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Effect of erythromycin before endoscopy in patients presenting with variceal bleeding: a prospective, randomized, double-blind, placebo-controlled trial.

Author(s): Altraif I, Handoo FA, Aljumah A, Alalwan A, Dafalla M, Saeed AM, Alkhormi A, Albekairy AK, Tamim H

Affiliation(s): Department of Clinical Pharmacy, King Abdul-Aziz Medical City, Riyadh, Saudi Arabia. Ibrahimtralf@yahoo.com

Publication date & source: 2011-02, Gastrointest Endosc., 73(2):245-50. Epub 2010 Dec 8.

Publication type: Comparative Study; Randomized Controlled Trial

BACKGROUND: Blood in the stomach and esophagus in patients with variceal bleeding often obscures the endoscopic view and makes endoscopic intervention difficult to perform. Erythromycin, a motilin agonist, induces gastric emptying. OBJECTIVE: To assess the effect of erythromycin on endoscopic visibility and its outcome in patients with variceal bleeding. DESIGN: Randomized, double-blind, placebo-controlled trial. SETTING: Tertiary care hospital. PATIENTS: Adult patients with liver cirrhosis presenting with hematemesis within the previous 12 hours. INTERVENTION: Either 125 mg erythromycin or placebo administered intravenously 30 minutes before endoscopy. MAIN OUTCOME MEASUREMENTS: Endoscopic visibility during index endoscopy and mean duration of procedure. SECONDARY OUTCOME MEASUREMENTS: Need for repeat endoscopy and blood transfusions within 24 hours, endoscopy-related complications, and length of hospital stay. RESULTS: A total of 102 patients received either erythromycin or placebo (53 erythromycin and 49 placebo). Forty-seven patients in the erythromycin group and 43 in the placebo group had variceal bleeding and were considered for final analysis. A completely empty stomach was seen in 48.9% of the erythromycin group versus 23.3% of the placebo group (P<.01). Mean endoscopy duration was significantly shorter in the erythromycin group than in the placebo group (19.0 minutes vs 26.0 minutes, respectively; P<.005). Length of hospital stay was significantly shorter in the erythromycin group than in the placebo group (3.4 days vs 5.1 days, respectively; P<.002). The need for repeat endoscopy and the mean number of units of blood transfused did not differ significantly in the 2 groups. No adverse events were observed with erythromycin. LIMITATIONS: Sample size not sufficient to measure the need for repeat endoscopy and survival benefit. CONCLUSIONS: Erythromycin infusion before endoscopy in patients with variceal bleeding significantly improves endoscopic visibility and shortens the duration of the index endoscopy. (Clinical trial registration number: NCT01060267.). Copyright (c) 2011 American Society for Gastrointestinal Endoscopy. Published by Mosby, Inc. All rights reserved.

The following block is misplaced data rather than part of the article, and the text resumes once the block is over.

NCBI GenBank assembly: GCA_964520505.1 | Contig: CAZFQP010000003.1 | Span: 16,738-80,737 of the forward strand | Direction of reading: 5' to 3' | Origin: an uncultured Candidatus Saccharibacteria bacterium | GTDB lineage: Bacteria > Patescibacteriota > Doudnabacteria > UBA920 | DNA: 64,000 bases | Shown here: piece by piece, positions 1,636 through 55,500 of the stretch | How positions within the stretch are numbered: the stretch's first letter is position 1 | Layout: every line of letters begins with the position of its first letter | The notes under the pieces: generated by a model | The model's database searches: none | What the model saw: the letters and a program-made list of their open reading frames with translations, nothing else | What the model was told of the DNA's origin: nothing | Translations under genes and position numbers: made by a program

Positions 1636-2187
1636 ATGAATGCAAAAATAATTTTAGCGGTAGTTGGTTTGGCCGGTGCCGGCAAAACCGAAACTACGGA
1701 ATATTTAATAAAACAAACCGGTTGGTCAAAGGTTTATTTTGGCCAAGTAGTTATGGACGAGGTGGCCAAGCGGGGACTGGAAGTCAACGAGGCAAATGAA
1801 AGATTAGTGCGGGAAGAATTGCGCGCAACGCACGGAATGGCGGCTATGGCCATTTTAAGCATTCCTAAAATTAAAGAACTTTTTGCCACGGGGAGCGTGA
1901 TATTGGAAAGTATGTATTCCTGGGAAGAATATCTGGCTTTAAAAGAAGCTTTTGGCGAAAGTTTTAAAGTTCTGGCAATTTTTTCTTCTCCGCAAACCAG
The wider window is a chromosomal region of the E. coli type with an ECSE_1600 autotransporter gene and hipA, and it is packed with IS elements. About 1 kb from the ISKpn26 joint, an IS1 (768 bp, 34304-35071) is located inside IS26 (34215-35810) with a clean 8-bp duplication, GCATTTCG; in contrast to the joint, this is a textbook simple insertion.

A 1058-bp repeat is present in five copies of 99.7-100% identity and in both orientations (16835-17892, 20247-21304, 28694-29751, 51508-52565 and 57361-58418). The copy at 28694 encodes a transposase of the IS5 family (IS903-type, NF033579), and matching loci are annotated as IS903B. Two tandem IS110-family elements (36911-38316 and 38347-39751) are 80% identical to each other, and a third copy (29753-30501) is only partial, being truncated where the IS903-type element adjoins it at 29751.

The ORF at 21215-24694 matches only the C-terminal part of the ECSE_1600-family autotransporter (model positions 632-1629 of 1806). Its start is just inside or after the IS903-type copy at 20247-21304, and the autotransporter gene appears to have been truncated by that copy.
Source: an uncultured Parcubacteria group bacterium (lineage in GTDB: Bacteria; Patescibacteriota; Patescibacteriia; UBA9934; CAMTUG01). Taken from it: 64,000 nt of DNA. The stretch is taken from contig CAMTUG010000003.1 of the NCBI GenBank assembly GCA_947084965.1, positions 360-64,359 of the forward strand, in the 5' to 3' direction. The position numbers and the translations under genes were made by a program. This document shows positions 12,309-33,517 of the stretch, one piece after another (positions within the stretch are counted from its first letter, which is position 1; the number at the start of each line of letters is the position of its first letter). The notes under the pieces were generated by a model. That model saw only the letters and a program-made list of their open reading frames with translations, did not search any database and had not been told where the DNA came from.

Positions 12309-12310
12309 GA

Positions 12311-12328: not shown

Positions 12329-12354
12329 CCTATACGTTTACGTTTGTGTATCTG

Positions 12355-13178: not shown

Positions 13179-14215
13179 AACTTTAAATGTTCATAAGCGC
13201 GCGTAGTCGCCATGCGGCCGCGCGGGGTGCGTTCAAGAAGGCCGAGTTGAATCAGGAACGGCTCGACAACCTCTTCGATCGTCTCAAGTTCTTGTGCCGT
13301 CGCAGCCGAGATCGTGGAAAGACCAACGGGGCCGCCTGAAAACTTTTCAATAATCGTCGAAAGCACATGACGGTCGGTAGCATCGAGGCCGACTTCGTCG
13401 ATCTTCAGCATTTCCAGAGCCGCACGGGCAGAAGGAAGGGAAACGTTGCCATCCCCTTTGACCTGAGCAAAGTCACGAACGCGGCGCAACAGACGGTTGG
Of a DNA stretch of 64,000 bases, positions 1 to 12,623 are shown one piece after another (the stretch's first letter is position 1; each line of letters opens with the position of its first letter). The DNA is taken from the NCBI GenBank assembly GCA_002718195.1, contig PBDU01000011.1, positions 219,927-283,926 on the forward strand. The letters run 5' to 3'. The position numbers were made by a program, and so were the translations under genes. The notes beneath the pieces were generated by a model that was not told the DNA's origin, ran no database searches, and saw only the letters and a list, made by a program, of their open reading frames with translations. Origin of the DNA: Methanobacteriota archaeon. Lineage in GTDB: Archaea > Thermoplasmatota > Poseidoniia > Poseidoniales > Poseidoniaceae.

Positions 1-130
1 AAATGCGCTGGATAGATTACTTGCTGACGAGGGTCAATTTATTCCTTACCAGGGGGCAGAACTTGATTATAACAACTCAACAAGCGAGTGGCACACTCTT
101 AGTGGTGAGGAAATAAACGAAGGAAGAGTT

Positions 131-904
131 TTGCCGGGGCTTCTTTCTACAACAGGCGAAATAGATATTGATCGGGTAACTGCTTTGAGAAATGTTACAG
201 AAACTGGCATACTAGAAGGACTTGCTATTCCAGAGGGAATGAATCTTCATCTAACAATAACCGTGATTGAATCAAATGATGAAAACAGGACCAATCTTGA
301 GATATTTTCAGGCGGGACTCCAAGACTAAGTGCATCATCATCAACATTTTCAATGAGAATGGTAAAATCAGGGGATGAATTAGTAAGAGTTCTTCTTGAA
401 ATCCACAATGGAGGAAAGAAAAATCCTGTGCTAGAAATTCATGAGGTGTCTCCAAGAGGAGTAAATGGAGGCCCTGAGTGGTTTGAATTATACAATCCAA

Page last updated: 2011-12-09

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